This publication joined the British Swiss Chamber of Commerce in London for a seminar that zoomed over the economic and investment landscape.
Choyleva responded to Marson’s point about US corporate debt by noting that non-financial firms’ ability to service their debt is fine, but said household debt has fallen to more sustainable levels since the financial crash. The government is also in a position stabilise its debt-to-GDP levels. She also argued that a failing among central bankers in recent times has been to co-ordinate interest rate and other policy on a global basis.
Both speakers said they are concerned about Japan; Choyleva said Japan’s high debt and its heavy QE programme pose high risks, particularly as and when the Bank of Japan runs out of assets to purchase from the banks and will need to start purchasing assets from non-banks.
“Japanese banks are particularly vulnerable to the effects of prolonged QE, a combination of rapidly deteriorating earnings prospects as bond yields fall and loan growth remains structurally anaemic, together with a high and rising level of cash in the economy (cash in circulation is 19 per cent of GDP already, almost 5 times that in the UK or double that in Europe), threaten their stability,” he said.
On other topics, Marson, when considering the UK’s referendum on the EU, said that the UK has the benefit of a “perpetual option” to leave the EU at any time but the present moment is not ideal, given the UK is borrowing heavily and has a large current account deficit. A Brexit vote, and uncertainties around the next steps, will make it harder for the UK to finance that deficit, he said. “The UK needs to attract net foreign capital annually amounting to 5 per cent of GDP or £90 billion, the faintest risk of a wobble in global investor confidence, for whatever reason, could prove extremely troublesome for the UK economy where the household deficit is already near 2 per cent of GDP, the highest level of net borrowing in decades,” he said.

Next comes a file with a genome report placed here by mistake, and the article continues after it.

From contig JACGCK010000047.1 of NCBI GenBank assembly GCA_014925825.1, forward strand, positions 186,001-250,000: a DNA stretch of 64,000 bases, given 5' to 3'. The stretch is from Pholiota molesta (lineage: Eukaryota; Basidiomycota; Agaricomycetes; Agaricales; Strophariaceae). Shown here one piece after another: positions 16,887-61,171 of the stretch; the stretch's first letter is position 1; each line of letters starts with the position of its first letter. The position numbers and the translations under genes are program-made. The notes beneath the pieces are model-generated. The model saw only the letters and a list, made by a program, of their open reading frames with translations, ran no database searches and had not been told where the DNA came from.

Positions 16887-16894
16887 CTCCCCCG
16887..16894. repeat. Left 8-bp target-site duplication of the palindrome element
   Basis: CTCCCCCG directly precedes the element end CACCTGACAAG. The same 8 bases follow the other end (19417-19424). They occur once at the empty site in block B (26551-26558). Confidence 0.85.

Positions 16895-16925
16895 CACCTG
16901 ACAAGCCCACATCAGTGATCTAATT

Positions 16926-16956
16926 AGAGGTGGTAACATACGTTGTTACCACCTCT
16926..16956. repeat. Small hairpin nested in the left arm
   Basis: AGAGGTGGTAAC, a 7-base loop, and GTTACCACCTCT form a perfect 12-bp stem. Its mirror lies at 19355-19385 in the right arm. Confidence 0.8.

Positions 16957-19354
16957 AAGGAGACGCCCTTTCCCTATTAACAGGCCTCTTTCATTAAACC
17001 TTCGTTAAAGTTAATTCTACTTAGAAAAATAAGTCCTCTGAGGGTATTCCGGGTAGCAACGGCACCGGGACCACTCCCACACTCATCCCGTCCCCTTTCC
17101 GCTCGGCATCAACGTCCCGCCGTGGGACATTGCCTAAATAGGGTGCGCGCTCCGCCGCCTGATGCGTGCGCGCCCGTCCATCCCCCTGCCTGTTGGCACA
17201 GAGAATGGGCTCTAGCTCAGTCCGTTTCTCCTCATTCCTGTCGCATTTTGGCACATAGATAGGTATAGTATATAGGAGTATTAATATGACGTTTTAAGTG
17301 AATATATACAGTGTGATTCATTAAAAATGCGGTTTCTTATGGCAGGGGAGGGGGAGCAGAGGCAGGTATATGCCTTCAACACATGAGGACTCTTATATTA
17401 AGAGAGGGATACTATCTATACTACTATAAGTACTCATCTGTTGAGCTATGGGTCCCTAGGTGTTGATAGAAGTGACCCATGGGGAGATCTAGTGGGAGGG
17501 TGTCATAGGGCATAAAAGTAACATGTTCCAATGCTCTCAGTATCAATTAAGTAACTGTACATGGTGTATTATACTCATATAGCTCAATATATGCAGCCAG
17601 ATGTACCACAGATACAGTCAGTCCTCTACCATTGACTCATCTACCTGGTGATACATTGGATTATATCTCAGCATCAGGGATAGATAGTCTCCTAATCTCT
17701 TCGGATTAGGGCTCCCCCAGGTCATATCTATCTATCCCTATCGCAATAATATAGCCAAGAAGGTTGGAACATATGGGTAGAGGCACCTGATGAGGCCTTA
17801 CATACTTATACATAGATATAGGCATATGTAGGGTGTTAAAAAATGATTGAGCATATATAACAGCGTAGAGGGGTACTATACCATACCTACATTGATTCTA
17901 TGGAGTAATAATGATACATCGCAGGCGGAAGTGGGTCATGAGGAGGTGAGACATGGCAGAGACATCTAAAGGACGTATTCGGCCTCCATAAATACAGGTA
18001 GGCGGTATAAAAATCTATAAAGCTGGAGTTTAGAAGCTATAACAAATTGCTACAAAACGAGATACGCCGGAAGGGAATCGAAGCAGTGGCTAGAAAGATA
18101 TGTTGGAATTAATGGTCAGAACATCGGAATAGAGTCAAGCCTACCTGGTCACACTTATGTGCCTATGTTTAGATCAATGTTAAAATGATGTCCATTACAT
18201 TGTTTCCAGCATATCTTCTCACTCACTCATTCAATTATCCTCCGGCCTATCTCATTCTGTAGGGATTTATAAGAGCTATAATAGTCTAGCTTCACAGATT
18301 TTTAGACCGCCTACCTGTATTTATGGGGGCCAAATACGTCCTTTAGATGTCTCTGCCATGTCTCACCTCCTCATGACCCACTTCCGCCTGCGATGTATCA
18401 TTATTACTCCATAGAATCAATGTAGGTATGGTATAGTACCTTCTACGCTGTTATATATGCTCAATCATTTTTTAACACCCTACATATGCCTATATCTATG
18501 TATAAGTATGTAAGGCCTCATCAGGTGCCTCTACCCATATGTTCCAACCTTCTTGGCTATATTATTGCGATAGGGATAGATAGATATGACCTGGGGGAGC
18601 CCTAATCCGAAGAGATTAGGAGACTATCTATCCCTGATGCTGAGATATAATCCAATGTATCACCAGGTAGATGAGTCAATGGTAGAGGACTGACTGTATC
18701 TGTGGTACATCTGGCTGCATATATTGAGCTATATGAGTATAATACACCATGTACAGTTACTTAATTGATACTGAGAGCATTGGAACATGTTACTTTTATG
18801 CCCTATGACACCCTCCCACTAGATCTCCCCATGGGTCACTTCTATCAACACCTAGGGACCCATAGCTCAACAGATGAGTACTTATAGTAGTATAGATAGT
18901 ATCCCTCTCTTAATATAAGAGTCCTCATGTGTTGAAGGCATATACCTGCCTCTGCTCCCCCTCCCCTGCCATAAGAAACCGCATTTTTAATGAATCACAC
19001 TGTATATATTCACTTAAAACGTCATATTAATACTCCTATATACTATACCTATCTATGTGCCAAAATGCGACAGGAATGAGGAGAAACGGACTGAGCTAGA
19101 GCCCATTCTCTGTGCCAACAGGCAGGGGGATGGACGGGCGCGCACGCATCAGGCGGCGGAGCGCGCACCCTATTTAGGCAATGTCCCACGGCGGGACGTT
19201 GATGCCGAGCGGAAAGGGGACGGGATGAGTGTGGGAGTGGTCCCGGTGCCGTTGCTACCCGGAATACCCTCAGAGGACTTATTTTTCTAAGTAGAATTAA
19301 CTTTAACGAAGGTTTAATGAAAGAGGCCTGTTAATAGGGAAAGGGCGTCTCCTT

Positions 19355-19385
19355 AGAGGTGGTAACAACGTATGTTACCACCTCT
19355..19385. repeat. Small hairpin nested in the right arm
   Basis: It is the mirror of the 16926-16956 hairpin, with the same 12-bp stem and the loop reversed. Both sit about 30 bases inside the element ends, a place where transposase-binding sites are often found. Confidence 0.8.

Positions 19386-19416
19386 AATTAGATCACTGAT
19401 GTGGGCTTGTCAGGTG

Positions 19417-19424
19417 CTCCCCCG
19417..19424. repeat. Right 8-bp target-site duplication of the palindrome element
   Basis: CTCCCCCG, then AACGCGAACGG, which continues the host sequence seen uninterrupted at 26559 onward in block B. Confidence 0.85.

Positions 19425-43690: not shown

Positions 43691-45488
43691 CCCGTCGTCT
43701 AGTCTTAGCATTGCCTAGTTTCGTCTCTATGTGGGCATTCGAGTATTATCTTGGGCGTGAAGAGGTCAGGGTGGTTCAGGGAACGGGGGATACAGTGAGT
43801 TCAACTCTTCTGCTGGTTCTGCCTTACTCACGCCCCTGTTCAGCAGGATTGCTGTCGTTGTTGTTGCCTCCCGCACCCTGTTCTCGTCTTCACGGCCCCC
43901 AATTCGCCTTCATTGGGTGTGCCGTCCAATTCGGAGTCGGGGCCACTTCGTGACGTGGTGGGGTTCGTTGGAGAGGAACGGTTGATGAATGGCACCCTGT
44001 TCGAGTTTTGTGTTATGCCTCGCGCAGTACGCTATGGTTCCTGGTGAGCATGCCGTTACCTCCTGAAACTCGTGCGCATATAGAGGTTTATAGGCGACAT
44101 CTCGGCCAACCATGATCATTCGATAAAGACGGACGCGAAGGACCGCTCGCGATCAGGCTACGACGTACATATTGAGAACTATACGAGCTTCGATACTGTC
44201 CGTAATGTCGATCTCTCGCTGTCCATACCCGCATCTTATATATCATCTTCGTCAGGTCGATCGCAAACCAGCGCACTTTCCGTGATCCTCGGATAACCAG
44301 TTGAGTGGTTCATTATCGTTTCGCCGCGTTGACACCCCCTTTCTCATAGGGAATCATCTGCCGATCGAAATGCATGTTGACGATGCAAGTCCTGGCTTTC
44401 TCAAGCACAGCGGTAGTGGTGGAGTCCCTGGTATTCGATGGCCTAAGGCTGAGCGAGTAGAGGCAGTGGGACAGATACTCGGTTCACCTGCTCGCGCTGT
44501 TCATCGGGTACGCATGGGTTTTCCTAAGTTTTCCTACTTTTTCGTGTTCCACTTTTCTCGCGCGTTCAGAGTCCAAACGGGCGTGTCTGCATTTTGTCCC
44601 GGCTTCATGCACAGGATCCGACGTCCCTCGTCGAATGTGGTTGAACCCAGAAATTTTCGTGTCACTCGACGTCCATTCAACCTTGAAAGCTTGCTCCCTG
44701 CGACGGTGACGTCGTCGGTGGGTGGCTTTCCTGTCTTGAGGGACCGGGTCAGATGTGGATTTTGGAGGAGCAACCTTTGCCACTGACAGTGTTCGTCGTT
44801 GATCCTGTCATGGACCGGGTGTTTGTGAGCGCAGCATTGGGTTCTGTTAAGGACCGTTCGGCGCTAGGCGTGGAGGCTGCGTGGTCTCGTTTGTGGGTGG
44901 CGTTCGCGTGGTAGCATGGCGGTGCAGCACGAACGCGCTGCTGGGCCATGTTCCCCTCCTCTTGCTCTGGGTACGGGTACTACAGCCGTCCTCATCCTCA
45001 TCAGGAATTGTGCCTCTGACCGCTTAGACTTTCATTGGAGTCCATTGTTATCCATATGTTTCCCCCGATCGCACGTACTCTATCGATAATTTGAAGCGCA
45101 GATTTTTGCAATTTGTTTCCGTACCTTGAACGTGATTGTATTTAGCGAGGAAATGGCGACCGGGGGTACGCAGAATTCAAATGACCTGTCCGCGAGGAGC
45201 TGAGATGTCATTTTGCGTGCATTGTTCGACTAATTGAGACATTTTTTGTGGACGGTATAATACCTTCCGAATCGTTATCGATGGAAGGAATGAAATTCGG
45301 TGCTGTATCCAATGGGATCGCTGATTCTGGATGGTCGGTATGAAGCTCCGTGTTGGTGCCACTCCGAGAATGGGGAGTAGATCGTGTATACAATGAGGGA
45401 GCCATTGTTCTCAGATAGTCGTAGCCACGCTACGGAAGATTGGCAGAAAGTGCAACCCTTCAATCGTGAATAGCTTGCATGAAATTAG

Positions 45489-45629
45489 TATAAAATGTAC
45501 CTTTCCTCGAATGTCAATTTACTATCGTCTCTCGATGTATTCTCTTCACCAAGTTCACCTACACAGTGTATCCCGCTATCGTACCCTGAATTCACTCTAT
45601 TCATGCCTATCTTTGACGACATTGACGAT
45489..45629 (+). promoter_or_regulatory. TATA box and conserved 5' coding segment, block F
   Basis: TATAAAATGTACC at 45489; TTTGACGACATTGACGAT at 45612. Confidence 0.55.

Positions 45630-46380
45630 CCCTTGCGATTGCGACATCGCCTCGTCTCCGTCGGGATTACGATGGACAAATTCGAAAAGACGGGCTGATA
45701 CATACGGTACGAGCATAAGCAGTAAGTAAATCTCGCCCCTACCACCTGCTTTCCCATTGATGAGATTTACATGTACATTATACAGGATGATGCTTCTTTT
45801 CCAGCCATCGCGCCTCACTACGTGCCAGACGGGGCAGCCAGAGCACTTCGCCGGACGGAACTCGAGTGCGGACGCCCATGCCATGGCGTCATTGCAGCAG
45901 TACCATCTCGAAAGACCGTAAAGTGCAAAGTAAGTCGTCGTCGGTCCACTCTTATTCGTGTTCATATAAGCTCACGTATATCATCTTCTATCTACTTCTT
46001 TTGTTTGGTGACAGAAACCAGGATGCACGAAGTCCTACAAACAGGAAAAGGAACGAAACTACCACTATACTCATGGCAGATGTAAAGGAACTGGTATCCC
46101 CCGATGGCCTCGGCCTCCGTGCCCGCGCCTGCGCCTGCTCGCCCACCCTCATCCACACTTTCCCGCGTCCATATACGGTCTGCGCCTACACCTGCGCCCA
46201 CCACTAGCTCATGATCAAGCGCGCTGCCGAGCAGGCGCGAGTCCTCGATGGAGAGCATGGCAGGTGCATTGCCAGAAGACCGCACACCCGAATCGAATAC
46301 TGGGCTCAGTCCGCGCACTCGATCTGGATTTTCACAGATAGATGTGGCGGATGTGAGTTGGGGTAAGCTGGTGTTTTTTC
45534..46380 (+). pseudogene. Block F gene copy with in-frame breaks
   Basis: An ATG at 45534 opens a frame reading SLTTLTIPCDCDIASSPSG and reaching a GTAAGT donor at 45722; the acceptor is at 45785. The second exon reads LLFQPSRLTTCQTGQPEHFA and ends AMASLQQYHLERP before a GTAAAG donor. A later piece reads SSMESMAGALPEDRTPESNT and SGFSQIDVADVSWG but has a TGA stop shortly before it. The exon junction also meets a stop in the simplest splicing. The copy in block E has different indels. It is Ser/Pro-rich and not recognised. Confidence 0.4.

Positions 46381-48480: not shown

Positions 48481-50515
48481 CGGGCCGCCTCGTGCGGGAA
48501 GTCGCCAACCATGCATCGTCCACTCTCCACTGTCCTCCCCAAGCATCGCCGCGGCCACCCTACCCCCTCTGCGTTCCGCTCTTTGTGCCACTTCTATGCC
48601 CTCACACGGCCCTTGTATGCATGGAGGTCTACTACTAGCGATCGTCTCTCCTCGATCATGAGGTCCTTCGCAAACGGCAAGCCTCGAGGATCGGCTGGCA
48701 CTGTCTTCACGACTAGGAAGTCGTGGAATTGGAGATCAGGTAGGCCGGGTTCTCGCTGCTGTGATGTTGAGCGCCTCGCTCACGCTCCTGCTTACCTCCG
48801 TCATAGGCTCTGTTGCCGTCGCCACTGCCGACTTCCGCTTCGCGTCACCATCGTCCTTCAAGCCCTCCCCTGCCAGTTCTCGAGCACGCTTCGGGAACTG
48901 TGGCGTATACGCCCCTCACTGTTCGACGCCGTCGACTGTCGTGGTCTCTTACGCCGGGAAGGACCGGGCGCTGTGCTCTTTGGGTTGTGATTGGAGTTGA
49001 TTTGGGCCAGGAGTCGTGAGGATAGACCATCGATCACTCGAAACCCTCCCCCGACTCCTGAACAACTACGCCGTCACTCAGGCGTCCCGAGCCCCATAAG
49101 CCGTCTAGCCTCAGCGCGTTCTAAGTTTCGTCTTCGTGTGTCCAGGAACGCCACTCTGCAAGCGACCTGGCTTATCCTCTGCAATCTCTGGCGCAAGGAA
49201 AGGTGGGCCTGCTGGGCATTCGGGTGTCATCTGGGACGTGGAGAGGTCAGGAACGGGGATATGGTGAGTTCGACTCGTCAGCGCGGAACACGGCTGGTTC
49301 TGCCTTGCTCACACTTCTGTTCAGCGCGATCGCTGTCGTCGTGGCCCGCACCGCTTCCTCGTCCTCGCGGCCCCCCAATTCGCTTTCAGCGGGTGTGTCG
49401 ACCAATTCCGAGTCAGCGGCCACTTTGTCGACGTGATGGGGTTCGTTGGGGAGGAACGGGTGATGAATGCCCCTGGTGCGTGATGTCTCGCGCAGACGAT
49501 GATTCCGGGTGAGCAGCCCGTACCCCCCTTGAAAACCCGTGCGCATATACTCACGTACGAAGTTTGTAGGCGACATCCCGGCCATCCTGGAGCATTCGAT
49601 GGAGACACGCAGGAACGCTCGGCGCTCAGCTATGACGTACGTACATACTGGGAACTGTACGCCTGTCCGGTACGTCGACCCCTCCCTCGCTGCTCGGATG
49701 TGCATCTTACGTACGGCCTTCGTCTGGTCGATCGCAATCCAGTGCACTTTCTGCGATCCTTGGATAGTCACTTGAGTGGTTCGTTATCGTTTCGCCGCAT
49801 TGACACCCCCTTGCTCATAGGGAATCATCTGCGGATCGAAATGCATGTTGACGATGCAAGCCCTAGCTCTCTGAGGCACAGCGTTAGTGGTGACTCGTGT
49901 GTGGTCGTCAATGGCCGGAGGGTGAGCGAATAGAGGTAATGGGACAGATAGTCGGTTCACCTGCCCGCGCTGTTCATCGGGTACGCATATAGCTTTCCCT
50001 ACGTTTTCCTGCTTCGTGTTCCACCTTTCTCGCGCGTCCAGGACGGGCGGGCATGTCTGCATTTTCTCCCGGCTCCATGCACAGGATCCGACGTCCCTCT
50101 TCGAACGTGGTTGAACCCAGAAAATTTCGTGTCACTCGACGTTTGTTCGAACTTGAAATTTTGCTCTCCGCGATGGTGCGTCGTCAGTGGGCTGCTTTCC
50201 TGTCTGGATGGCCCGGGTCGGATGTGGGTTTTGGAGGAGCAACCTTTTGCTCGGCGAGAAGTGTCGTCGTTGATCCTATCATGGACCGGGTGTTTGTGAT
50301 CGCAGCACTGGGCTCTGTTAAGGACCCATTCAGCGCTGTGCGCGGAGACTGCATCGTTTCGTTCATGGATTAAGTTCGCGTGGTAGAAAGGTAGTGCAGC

Asked about certain asset classes, Marson said he regards UK equities as cheap in terms of valuation, while the US equity market is pricey at 25 times earnings. As for private equity funds, Marson said supposed diversification benefits are an illusion because net of fees and leverage they typically deliver just small cap listed equity index returns. Moreover, illiquidity is not rewarded. It is costly and illiquid diversification versus a small cap index”
Conversation turned to what is the best model of wealth management firm to put investment ideas to work. Marson and Choyleva both agreed that there are clear benefits to investment being undertaken by relatively small organisations to avoid consensual, crowd-like behaviour. “If you have a huge number of people in an organisation you end up with groupthink,” Choyleva said.
A problem, however, is that smaller wealth management firms are disproportionately affected by regulations. Marson agreed, adding: “There will be more consolidation and it is driven by regulations that are crippling.”